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September 2015

News & Events

General Meeting - Tuesday, September 8, 2015

“Jerry Coviello”
“Wyoming’s Greybull River ”

Wyoming’s Greybull River runs through some of the most remote backcountry in the Greater Yellowstone. Along its 90-mile corridor, water travels from snow-capped peaks in the Absaroka Mountains to sagebrush flats at its confluence with the Bighorn River. The Greybull River watershed is famed for supporting the best genetically-pure populations left of Yellowstone cutthroat trout, a species decimated elsewhere in the West by non-native species and altered water flows. The river’s high-quality aquatic habitat is spurring efforts among many landowners to join with partners to protect and restore this biologically-important watershed.



American Legion Hall
137 New Market Road
Dunellen, NJ
Meeting starts at 8 PM - Non Members are always welcome!

Point Mountain Project

Fred Simonson

Point Mountain Project

From the top of the run looking upstream. This is the project start point.

Point Mountain Project

Looking downstream into the first of five pools that were created. The point bar on the Hunterdon side is designed to move the flow to the newly created channel.

Point Mountain Project

Looking downstream from the bottom of the first major pool. The point bar is on the Hunterdon side of the river.

Point Mountain Project

The largest of the pools created with a major point bar on the Warren side of the river. This pool is currently 10 feet deep.

Point Mountain Project

Riffles, runs, and pocket water below the large pool looking downstream.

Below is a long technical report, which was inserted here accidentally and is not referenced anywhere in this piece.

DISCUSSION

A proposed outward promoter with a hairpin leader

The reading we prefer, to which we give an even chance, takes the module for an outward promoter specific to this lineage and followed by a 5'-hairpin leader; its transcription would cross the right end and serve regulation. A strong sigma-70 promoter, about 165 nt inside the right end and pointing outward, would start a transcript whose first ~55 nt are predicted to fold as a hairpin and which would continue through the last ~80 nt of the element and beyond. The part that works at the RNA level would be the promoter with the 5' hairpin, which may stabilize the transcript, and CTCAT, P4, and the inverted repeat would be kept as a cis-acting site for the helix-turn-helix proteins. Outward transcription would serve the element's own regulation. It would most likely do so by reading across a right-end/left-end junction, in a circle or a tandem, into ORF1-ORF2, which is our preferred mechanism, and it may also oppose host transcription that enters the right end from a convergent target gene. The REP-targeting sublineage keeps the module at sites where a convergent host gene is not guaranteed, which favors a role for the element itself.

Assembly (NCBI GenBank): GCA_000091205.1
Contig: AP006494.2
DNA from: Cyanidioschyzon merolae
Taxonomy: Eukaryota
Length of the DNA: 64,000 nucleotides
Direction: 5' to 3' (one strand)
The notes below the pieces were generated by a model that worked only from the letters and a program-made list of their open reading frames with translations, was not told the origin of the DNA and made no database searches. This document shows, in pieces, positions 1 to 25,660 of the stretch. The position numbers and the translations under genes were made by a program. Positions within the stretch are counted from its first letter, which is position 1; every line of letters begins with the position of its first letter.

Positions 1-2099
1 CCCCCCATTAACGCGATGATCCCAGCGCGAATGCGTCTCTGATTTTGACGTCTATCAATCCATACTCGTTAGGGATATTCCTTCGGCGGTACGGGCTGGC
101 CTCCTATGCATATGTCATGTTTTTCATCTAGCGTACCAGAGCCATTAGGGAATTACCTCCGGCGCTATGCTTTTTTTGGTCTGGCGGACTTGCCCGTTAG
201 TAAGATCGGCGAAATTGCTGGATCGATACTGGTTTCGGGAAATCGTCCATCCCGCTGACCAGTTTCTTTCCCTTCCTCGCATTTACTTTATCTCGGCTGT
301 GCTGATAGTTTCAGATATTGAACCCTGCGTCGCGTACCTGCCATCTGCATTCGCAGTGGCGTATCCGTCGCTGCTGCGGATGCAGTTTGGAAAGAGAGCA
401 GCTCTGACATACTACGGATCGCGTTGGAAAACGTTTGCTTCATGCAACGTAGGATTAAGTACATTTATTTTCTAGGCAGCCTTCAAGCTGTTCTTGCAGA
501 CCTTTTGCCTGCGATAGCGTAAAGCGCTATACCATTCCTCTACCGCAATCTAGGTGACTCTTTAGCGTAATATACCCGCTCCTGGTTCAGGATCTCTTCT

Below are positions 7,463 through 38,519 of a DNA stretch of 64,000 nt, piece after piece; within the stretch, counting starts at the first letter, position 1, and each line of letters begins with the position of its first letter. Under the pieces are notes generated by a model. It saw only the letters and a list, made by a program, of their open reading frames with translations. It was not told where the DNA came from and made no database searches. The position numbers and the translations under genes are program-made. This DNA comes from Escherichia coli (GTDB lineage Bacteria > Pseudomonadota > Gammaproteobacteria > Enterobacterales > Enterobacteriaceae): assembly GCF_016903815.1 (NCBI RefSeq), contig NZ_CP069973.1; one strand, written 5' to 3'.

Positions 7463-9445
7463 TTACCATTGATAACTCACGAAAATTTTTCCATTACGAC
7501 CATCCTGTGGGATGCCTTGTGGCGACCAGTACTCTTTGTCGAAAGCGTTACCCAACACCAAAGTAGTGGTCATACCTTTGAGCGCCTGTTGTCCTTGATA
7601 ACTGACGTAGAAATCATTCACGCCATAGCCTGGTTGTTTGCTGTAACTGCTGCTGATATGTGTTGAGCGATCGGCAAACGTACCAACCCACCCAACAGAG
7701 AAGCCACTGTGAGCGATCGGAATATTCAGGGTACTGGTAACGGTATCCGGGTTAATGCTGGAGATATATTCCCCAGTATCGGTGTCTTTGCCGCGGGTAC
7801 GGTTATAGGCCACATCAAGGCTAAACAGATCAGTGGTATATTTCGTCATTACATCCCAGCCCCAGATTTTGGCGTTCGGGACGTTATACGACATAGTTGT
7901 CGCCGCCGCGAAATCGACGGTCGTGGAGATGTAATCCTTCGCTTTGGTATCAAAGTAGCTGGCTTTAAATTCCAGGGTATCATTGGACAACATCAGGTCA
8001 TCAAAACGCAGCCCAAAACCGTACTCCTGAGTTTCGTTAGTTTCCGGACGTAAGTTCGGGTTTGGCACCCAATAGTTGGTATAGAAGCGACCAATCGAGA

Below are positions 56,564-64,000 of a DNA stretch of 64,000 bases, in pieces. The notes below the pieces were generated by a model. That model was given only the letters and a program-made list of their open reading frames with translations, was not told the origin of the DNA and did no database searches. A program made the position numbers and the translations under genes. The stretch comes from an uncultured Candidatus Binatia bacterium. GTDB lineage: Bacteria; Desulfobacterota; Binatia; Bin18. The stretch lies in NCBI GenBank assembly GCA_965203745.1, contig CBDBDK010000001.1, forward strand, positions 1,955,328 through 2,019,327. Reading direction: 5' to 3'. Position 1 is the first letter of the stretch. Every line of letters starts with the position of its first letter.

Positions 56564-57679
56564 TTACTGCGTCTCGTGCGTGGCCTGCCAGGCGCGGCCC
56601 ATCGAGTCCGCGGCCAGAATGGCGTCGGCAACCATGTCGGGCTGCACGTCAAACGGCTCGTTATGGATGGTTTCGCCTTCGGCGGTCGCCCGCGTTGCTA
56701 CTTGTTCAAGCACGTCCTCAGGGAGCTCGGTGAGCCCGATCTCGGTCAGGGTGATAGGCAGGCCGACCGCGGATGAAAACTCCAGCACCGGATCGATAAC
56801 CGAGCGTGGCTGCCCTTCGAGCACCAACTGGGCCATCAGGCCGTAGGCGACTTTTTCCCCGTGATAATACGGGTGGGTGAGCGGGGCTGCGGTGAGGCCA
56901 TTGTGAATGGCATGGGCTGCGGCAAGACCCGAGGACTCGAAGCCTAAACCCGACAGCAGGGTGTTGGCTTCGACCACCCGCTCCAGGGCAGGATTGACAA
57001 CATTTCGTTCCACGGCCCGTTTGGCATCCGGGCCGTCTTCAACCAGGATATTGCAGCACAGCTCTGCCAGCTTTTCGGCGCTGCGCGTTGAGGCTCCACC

Point Mountain Project

Same shot taken from the downstream end looking back upstream.

Point Mountain Project

Looking downstream into the bend at the downstream end of the restoration site prior to work on the last pool. You can see the bank erosion in the lower right hand corner.

Point Mountain Project

Two major pools were created, one above the bend and one at the bend. The bank has been built up with river gravel to stabilize it and a root ball was added on the corner of the bend to further stabilize the bank and prevent further erosion.

Batten Kill Watershed Alliance

Over the last 10 years our chapter has been supporting the Batten Kill Watershed Alliance by sending donations for improving the Batten Kill and its tributaries as it flows from Vermont to New York.This project is also supported by TU National and TU Vermont. The Alliance has worked on over 20 sections of the river improving cover, river dynamics and shelter.

You can check on all the work at On your next fishing trip up north try the Batten Kill.

Fly of the Month

“Stillwater Leech”
by Ron Ruskai

Stillwater Leech

Try this fly on Trout or Bass when fishing lakes or ponds.

Click here for the recipe!